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Former Olympic Village in Turin: From Europe's Largest Occupied Center to New Student and Social Housing

Project name:
Social Housing Ex Moi
Architecture firm:
PICCO Architetti
Via Giordano Bruno, Turin, Italy
Fabio Oggero
Principal architect:
Criastiano Picco
Design team:
PICCO Architetti, Cristiano Picco, Giuliana Foglia Franke, Francesca Cravero
Built area:
12,000 m²
Site area:
Design year:
Completion year:
Interior design:
Manager: Camplus. Fire Safety: Colletti Ingegneria. Energy and Installations: Studio di Ingegneria Guido Berra. External Insulation: Gruppo Ivas. External Windows and Doors Installation: AGS Infissi e Serramenti. External Aluminum Profiles: Aluk Italy. External Glass: Bivetro. Internal Doors: Bertolotto Porte. Armored Doors and Fire-Rated Doors: Dierre. Porcelain Tiles: Marazzi Group
Civil engineer:
Structural engineer:
Duepuntodieci Associati
Environmental & MEP:
Electrical Installations Contractor: Impelectric srl. Mechanical Installations Contractor: Sime srl. Sanitary Fixtures: Duravit. Studio di ingegneria Guido Berra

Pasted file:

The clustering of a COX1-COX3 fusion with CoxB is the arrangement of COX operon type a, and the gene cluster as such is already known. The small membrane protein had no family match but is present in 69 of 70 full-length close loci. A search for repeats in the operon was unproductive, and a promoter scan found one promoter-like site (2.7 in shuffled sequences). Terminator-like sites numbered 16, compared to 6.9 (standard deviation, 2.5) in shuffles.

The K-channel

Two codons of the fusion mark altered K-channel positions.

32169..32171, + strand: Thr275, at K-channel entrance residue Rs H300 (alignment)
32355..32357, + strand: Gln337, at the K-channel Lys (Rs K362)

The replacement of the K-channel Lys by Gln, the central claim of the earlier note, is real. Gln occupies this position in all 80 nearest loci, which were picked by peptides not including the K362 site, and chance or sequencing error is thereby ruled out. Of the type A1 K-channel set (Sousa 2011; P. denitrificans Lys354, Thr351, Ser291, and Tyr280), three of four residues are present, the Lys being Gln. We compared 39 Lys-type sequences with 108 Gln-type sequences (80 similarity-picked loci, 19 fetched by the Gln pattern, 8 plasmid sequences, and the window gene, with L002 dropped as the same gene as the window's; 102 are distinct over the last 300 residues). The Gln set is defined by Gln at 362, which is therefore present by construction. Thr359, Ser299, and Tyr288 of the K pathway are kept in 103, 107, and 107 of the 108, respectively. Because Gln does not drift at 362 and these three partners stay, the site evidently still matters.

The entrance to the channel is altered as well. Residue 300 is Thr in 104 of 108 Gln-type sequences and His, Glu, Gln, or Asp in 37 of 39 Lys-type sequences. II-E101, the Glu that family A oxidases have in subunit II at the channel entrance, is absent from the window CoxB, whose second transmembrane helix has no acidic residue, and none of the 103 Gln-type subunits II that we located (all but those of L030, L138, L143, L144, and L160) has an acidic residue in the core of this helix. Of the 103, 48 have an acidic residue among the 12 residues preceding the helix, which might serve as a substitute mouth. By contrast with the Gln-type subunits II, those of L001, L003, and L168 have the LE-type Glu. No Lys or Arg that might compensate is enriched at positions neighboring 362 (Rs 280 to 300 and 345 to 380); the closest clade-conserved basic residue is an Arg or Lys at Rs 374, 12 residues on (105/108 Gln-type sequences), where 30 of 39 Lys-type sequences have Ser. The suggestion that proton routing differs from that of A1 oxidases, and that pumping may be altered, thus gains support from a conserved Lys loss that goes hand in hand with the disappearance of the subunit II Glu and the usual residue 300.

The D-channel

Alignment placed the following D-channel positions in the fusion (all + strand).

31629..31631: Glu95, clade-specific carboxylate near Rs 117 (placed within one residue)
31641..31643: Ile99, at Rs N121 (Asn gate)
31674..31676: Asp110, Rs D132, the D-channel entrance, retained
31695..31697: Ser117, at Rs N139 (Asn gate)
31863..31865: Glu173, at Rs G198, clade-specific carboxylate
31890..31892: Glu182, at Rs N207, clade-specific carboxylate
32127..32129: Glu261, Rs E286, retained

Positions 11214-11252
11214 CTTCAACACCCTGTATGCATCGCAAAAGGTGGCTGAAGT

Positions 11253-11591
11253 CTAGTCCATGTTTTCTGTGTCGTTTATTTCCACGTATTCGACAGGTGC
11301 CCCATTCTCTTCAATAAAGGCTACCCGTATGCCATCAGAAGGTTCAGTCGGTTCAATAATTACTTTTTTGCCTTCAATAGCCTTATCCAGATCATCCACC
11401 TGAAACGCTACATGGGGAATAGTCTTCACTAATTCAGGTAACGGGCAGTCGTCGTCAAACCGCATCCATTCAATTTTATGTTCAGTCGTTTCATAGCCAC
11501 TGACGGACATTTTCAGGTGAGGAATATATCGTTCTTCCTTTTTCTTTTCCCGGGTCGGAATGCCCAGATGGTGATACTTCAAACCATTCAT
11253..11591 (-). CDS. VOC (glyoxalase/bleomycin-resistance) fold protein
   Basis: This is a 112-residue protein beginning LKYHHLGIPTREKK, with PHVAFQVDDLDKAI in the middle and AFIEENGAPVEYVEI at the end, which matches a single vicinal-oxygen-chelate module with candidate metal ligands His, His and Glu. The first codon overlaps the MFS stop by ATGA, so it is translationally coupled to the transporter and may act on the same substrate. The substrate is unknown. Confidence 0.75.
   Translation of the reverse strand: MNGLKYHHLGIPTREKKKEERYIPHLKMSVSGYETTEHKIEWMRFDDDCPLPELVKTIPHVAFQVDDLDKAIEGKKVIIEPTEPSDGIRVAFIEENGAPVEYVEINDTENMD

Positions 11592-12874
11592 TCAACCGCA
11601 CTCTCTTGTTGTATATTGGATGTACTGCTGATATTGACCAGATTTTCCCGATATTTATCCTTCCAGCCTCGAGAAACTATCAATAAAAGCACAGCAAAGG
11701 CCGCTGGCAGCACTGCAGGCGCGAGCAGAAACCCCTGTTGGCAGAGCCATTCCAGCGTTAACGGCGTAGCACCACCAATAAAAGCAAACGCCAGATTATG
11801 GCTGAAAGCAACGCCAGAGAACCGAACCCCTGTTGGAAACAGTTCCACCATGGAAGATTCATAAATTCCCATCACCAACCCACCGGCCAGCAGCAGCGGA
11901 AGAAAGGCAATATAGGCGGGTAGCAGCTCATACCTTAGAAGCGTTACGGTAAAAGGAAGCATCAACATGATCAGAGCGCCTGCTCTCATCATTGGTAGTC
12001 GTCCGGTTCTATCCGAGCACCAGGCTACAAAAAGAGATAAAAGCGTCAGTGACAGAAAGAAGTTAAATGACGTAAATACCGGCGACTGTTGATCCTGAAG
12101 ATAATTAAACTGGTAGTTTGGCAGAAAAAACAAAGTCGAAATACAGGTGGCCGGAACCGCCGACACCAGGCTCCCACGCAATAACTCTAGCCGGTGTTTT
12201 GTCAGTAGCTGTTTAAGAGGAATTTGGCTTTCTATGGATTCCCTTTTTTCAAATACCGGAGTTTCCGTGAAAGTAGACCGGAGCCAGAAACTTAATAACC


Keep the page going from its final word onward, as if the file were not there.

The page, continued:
CO.GE.FA. s.p.a.
Studio Pession Associati
Tools used:
AutoCAD, Rhinoceros 3D, V-ray, Adobe Photoshop
18 Million Euros
Residential › Social Housing, Apartments

PICCO Architetti has transformed the former Olympic Village in Turin into a student and social housing, reimagining the project originally designed by the German architect Otto Steidle in 2006.

PICCO Architetti has completed the restoration, conservation, and functional redevelopment of 7 out of the 39 buildings of the former Olympic Village in Turin. This village was initially designed in 2006 based on the masterplan by German architect Otto Steidle, under the coordination of Benedetto Camerana, for the Winter Games on the area previously occupied by the Mercati Generali until 2001.

The former Olympic Village was originally conceived as a neighborhood to be integrated into the city fabric. However, its post-Olympic life revealed the complexity of "creating a new piece of city". After the Olympic event, the three blocks of buildings were repurposed as social housing and offices for the Arpa, while others were allocated for the Torino Olympic Park offices, hostels, and some social residences. Subsequently, a portion of the complex became the site of the largest squatting occupation in Europe. Starting from this social emergency, the new residential complex became an extraordinary opportunity for urban regeneration, providing approximately 400 bed spaces.